System Center Operations Manager by Jonathan Hambrook

September 11, 2007

Monitoring VMWare ESX using a SCOM

Filed under: Architecture, Microsoft, SCOM 2007, VMWare — opsmgr @ 1:53 pm

Monitoring VMWare ESX with SCOM isn’t a hard thing, however getting correct and relivent information in a clean and easy way can be. This guide I have compiled with VMWare should provide the mechanics of setting up monitoring between VMWare ESX and SCOM.

— UPDATE : If you have trouble with the link its due my limit being reached. I will add a secondary site ASAP. Wasn’t prepared for the responce —
Download Here:
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May 10, 2007

Enterprise Operations Management Architecture Design

Filed under: Architecture, Microsoft, SCOM 2007 — opsmgr @ 9:36 pm

Below is an example of a design I have build and implemented it shows the data flow and the distribution of data and load to increase redundancy and distribute network load.

SCOM Solution Design

SCOM Data Warehouse Database Sizing

Filed under: Architecture, Microsoft, SCOM 2007 — opsmgr @ 9:25 pm

Data warehouse storage requirements can vary considerably depending on the data retention requirements so we would need more information in order to make any estimates.  As with the ops DB, the single largest factor in DW size is the amount of perf data that will be retained.  Since the DW will automatically aggregate performance data on an hourly and daily basis you can dramatically lower storage requirements by grooming out raw perf data aggressively and relying on the aggregated data for long-term trending reporting.

SCOM Operations Database Sizing

Filed under: Architecture, Microsoft, SCOM 2007 — opsmgr @ 9:24 pm

Sizing for the Ops DB is highly variable depending on which Management Packs are installed and what grooming policy is configured.  Without knowing the details of the deployment I can give you some “worst case scenario” numbers derived from an MSIT Management Group that manages 3000 servers and has all of the out-of-the-box MPs deployed along with 18 custom MPs and a 4-day retention policy (with the exception of performance signature data which is retained for just 2 days).  In this case MSIT allocated 60 GB for the Ops DB, of which they actually use about 35 GB.  Performance data accounts for about 75% of the total storage requirement with about 55% being used to store sampled performance data (which is retained for 4 days) and another 20% being used for performance signature data (which is retained for 2 days).  After performance data, collected events and monitor state change events account for the next largest category of storage used in the Ops DB with each accounting for about 10% of the total storage requirements.  Alerts account for about 1% of the storage requirement.  The remainder of the storage used is divided among a large number of tables with no other individual tables or data type accounting for any significant percentage of storage.  With over 85% of total storage requirements being derived from the above operational data I wouldn’t spend much time doing detailed calculations of storage requirements for other data types.  Unless you have unusual data retention requirements I would recommend using something similar to the MSIT storage allocation which will give you plenty of room for growth and some flexibility in adjusting data retention.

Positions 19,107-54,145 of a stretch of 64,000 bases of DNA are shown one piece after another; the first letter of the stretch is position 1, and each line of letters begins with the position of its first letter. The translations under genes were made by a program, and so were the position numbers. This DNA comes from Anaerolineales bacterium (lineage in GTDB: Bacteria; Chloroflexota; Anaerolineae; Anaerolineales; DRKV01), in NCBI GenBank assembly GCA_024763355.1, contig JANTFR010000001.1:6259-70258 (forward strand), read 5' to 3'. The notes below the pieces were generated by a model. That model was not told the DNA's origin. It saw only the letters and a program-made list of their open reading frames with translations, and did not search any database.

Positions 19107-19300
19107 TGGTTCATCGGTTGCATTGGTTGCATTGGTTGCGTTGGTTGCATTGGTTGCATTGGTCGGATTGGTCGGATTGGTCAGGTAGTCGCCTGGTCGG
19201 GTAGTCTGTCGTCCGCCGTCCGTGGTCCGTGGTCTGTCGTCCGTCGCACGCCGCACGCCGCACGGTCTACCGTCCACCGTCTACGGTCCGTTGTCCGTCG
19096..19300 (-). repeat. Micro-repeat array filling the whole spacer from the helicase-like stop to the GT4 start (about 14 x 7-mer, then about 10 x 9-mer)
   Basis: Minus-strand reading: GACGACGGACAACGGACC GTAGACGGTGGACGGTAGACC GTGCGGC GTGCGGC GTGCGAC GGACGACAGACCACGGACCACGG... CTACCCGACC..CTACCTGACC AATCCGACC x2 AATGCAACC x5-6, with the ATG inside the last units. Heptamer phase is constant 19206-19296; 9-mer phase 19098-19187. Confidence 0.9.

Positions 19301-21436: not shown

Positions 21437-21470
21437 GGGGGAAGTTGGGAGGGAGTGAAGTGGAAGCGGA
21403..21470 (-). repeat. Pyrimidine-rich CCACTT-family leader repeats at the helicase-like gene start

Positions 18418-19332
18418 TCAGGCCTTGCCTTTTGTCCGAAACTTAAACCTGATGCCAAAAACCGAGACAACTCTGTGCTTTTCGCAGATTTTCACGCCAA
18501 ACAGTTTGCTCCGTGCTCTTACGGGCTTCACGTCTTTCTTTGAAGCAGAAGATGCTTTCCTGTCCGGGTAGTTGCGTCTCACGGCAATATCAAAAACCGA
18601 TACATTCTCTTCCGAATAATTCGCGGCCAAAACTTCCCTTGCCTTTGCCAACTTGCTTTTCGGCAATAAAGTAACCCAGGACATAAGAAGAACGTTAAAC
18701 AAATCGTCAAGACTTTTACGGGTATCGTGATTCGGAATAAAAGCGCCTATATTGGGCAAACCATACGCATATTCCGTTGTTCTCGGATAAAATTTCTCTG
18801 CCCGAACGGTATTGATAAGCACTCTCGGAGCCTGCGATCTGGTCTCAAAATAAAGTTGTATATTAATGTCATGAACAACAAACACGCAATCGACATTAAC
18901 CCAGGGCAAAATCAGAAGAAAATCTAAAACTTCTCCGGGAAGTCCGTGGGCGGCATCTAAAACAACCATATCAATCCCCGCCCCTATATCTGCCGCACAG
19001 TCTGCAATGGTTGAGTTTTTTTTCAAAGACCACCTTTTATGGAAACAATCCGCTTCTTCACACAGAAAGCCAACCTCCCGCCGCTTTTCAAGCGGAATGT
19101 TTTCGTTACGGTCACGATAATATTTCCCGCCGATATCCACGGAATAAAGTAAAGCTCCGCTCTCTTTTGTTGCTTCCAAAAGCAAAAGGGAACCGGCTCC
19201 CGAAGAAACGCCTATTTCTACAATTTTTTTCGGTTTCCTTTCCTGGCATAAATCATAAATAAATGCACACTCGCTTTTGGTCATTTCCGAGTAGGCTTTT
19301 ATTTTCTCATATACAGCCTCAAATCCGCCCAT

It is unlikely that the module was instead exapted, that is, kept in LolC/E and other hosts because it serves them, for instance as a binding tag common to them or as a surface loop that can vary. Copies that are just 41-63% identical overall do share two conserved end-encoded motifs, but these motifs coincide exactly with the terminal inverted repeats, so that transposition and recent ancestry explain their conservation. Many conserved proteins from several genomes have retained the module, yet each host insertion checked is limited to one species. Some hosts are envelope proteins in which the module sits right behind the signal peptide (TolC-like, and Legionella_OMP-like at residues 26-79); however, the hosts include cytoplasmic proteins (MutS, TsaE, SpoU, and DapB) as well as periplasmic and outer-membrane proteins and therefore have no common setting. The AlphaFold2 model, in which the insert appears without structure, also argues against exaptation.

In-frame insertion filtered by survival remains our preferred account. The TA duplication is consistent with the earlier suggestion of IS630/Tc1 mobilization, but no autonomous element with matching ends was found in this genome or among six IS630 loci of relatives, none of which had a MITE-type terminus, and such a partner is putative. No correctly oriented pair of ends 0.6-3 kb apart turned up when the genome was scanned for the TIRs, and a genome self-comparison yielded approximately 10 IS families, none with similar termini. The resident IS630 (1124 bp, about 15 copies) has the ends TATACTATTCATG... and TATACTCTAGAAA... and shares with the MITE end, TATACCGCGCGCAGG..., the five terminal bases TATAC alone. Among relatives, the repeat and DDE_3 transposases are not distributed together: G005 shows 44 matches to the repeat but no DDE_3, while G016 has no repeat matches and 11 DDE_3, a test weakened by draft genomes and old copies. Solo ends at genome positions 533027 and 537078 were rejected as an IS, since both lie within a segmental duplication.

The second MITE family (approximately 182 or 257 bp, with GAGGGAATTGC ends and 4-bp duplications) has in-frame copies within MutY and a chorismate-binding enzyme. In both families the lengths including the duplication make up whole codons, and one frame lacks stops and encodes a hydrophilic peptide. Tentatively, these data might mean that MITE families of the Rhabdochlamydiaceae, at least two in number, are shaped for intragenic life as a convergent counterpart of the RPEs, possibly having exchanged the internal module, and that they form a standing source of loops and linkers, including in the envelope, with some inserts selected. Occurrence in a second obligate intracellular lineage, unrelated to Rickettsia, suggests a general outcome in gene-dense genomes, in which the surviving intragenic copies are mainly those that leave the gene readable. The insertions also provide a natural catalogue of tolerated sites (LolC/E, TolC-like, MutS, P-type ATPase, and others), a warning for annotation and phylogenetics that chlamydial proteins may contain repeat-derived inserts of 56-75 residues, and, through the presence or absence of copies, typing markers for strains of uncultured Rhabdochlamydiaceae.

With regards to SQL log file storage requirements, the operational requirements are fairly trivial but you will want to allocate quite a bit more storage than required for day-to-day operations in order to cover the occasional need to delete Management Packs.  MSIT uses 16 GB for transaction logs in their 3000-server MG.  Under normal operations they rarely use more than a few hundred MB of this space (even while using the full recovery model with 15-minute log dumps) but much more is required on the rare occasions when large MPs need to be deleted.  A significant amount of data can be deleted in a single SQL transaction when large MPs are deleted.  MSIT has used up to 12 GB of log space while deleting some MPs.  I would recommend that you allocate a similar amount of storage to avoid any problems with full transaction logs when deleting MPs.

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